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Sol Chip – integrated solar energy harvesting for sensor nodes

By Damir Beciri
17 September 2013

sensors-solar-power-1Increased interest for sensor networks in various applications are forcing research groups to come up with ways to power the individual sensor modules remains a sticking point in these sorts of applications. While wiring and batteries can be viable solutions for small-scale projects, researchers at the Fraunhofer Institute came up with tiny solar cells that can directly be applied onto silicon chip sensors to reliably power wireless sensors networks.

Application Specific Integrated Circuits (ASICs) could be termed the brain of the sensor module, facilitating its specific functions. They are manufactured on a piece of silicon in the course of several processing steps, including ion implantation, oxidization or metal deposition. That makes the structures of ASICs extremely sensitive, thus increasing difficulty of subsequent processing.

ASICs on the silicon chip cannot be disturbed in any way by later steps in the process, but the researchers at the Fraunhofer Institute for Microelectronic Circuits and Systems (Fraunhofer IMS) used a specially developed ‘soft’ processing technology that has already proved itself on a variety of different ASICs.

By opting for mini solar cells, the Fraunhofer researchers are turning to a method that is becoming more and more established in the low-power sector in particular. While there are other potential energy generating resources such as vibrations or differences in temperature, involved Fraunhofer researchers believe that solar cells have a few advantages over these solutions.

“Light is almost always available over long periods of time. What’s more, it is not subject to such great fluctuations in supply as other resources”, said Dr. Andreas Goehlich, who heads up the project for Fraunhofer IMS. “Then there is the advantage that solar energy can be converted into electricity relatively easily.”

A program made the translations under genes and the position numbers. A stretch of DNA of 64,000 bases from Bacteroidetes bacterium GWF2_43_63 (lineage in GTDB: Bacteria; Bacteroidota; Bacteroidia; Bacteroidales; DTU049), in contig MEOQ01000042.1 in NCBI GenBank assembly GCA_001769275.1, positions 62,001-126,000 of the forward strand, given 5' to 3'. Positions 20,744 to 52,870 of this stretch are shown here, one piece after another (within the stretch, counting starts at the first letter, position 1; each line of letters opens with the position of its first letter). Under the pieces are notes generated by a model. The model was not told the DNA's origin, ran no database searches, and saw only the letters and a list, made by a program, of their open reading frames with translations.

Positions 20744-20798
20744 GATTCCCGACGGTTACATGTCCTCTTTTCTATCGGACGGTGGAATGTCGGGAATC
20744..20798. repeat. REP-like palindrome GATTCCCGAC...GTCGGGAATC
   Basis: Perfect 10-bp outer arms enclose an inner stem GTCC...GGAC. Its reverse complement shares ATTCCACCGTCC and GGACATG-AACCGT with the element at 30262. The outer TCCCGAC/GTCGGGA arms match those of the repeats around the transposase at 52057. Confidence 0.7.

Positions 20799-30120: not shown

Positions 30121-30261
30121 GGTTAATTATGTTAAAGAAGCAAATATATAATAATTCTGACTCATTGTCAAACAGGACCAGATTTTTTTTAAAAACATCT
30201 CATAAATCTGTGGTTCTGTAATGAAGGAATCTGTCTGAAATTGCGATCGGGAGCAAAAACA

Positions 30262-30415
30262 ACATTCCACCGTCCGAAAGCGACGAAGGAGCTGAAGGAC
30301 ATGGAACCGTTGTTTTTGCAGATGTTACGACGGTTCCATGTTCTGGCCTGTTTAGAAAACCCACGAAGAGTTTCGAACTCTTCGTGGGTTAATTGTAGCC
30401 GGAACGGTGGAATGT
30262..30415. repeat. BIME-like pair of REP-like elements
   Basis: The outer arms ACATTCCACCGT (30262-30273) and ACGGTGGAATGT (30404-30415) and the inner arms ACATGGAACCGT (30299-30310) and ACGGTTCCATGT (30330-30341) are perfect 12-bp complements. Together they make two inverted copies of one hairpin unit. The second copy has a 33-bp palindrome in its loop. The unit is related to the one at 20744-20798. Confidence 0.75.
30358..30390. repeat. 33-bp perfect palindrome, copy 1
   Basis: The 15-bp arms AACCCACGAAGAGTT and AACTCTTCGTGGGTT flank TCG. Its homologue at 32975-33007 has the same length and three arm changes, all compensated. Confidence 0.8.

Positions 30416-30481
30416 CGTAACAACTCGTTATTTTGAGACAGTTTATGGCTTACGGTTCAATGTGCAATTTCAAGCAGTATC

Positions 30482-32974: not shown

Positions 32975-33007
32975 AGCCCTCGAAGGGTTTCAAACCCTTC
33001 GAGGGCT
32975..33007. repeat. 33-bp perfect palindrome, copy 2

Sensor networks made up of individual sensor modules that communicate wirelessly with one another have the capacity to measure local parameters over large areas, and then to pass these data on among sensor modules to a central station. This makes sensor networks suitable for a wide range of applications, whether for fire prevention or monitoring large areas of farmland.

The team is currently focusing on development of energy-autonomous sensor networks for agricultural applications, where it could be used to measure details such as the moisture in the soil or the level of sunlight and relay the data to a central interface. The farmer could then use the measurements to regulate the amount of watering or even to predict the expected crop yield. The technology is ready to be implemented, and Sol Chip Ltd. is going to place it as a product on the market.

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